Hazy-night moon (Oboroyo no tsuki)

A masked Noh actor performs the role of the robber Kumasaka no Chohan – a scarf tied round his head and carrying a long pike – who was killed in 1174 when his band  unwisely attacked the young Minamoto no Yoshitsune at Akasaka. There is no moon visible in the print, and the title reminds…

Amaterasu 天照

Amaterasu (天照), Amaterasu-ōmikami (天照大神/天照大御神/天照皇大神) or Ōhirume-no-muchi-no-kami (大日孁貴神?) is a part of the Japanese myth cycle and also a major deity of the Shinto religion. She is seen as the goddess of the sun, but also of the universe. The name Amaterasu derived from Amateru means “shining in heaven.” The meaning of her whole name, Amaterasu-ōmikami,…

Izanagi and Izanami

Izanagi (いざなぎ, recorded in the Kojiki as 伊邪那岐 and in the Nihon Shoki as 伊弉諾) is a deity born of the seven divine generations in Japanese mythology and Shinto, and his name in the Kojiki is roughly translated to as “he-who-invites” or Izanagi-no-mikoto. He is also known as Izanagi-no-Okami. In Japanese mythology, Izanami-no-Mikoto (Japanese: 伊弉冉尊…

Kojiki 古事記

Kojiki (古事記 “Records of Ancient Matters” or “An Account of Ancient Matters”), also known as Furukotofumi, is the oldest extant chronicle in Japan, dating from the early 8th century (711–712) and composed by Ō no Yasumaro at the request of Empress Genmei. The Kojiki is a collection of myths concerning the origin of the four…

紋 Mon

Mon (紋), also monshō (紋章), mondokoro (紋所), and kamon (家紋), are Japanese emblems used to decorate and identify an individual or family. While mon is an encompassing term that may refer to any such device, kamon and mondokoro refer specifically to emblems used to identify a family. An authoritative mon reference compiles Japan’s 241 general…

Kagura dance

Kagura (神楽, かぐら, “god-entertainment”) is a Japanese word referring to a specific type of Shinto theatrical dance—with roots arguably predating those of Noh. Once strictly a ceremonial art derived from kami’gakari (神懸, かみがかり, “oracular divination”) and chinkon (鎮魂, ちんこん, “spirit pacification”), Kagura has evolved in many directions over the span of more than a millennium….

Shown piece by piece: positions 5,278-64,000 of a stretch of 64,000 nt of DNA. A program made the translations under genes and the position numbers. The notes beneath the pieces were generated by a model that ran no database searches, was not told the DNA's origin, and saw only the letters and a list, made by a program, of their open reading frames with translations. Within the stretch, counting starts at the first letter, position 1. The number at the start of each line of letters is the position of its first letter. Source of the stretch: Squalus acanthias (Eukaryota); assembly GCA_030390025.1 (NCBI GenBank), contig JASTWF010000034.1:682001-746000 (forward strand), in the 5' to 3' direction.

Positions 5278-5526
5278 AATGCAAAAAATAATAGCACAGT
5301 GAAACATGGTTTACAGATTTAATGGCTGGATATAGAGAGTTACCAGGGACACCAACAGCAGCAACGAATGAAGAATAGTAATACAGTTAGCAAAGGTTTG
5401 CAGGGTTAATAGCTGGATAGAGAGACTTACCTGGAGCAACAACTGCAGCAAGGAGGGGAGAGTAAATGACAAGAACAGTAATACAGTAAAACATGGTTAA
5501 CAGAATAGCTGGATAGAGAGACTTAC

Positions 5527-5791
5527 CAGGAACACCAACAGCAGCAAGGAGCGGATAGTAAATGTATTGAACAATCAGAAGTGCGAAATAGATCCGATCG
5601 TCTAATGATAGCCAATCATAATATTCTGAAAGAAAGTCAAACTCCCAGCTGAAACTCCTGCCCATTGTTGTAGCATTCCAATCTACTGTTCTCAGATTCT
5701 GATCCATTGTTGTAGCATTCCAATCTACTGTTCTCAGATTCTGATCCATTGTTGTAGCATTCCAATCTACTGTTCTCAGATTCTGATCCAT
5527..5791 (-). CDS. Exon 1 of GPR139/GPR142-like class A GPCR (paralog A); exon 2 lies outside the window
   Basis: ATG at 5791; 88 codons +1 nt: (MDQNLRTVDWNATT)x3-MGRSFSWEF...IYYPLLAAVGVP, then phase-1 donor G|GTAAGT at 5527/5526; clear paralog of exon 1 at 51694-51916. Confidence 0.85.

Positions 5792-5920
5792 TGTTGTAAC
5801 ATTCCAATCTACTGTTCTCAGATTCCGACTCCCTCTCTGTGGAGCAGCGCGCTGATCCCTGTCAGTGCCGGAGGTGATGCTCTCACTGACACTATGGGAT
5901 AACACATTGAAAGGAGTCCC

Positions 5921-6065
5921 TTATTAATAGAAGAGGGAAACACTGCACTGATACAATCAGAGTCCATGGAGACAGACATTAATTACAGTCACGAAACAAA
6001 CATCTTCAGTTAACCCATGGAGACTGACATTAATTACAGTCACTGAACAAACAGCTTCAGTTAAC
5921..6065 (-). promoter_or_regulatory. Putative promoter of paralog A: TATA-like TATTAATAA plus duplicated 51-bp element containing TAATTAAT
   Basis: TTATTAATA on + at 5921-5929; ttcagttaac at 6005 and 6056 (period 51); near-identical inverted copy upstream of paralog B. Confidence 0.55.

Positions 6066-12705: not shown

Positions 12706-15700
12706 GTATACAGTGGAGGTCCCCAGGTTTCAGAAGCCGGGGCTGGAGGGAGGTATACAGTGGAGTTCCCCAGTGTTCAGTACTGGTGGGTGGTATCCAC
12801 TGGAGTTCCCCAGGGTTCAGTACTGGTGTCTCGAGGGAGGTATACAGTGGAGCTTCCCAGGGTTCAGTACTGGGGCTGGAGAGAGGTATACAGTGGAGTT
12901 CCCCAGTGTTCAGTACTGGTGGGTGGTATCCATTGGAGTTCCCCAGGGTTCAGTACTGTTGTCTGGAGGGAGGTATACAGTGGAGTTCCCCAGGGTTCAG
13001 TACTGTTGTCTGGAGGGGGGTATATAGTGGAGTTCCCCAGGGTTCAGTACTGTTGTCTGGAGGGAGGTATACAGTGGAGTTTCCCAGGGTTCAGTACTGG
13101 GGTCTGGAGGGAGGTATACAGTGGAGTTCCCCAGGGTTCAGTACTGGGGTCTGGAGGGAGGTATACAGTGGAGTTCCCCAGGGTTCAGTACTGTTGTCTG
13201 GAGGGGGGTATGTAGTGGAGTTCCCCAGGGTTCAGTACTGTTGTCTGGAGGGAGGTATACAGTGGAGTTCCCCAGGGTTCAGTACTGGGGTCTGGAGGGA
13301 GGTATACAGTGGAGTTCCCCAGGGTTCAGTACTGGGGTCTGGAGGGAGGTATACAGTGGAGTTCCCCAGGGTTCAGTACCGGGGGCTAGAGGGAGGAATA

Wagasa

The Japanese umbrella is made with Japanese paper (Washi) or silk cloth with bamboo bones. It has been uniquely refined as living necessities in the ancient capital of Kyoto where varieties of local specialties are gathered from around the country. It was widely used from the Heian and Kamakura Period (794 – 1333) until the…

Festivals

Japanese festivals are traditional festive occasions. Some festivals have their roots in Chinese festivals centuries ago, but have undergone great changes as they mixed with local customs. Some are so different that they do not even remotely resemble the original festival despite sharing the same name and date. There are also various local festivals (e.g….

Ainu Mukkuri

Mukkuri is a traditional Japanese plucked idiophone indigenous to the Ainu. The Mukkuri is made from bamboo and is 10 cm long and 1.5 cm wide. Similar to a jaw harp, sound is made by pulling the string and vibrating the reed as it is placed in the performer’s mouth.

Tsukuyomi-no-Mikoto 月読尊

Tsukuyomi-no-Mikoto or Tsukiyomi (月読 also known as Tsukiyomi-no-mikoto, 月読尊), is the moon god in Shinto and Japanese mythology. The -no-mikoto ending is a common honorific suffix for the names of gods, of similar meaning to “the grand, the great, the exalted”. The name “Tsukuyomi” is a compound of the Old Japanese words tsuku (月, “moon,…

Masks

Begin Japanology and Peter Barakan is presenting the amazing and mysterious world of Masks. Another documentary dedicated to the excellent Japanese artisans.

Koto Vortex I : Hiroshi Yoshimura

The koto (Japanese: 箏) is a traditional Japanese stringed musical instrument derived from the Chinese zheng, and similar to the Mongolian yatga, the Korean gayageum, and the Vietnamese đàn tranh. The koto is the national instrument of Japan. Koto are about 180 centimetres (71 in) length, and made from kiri wood (Paulownia tomentosa). They have 13…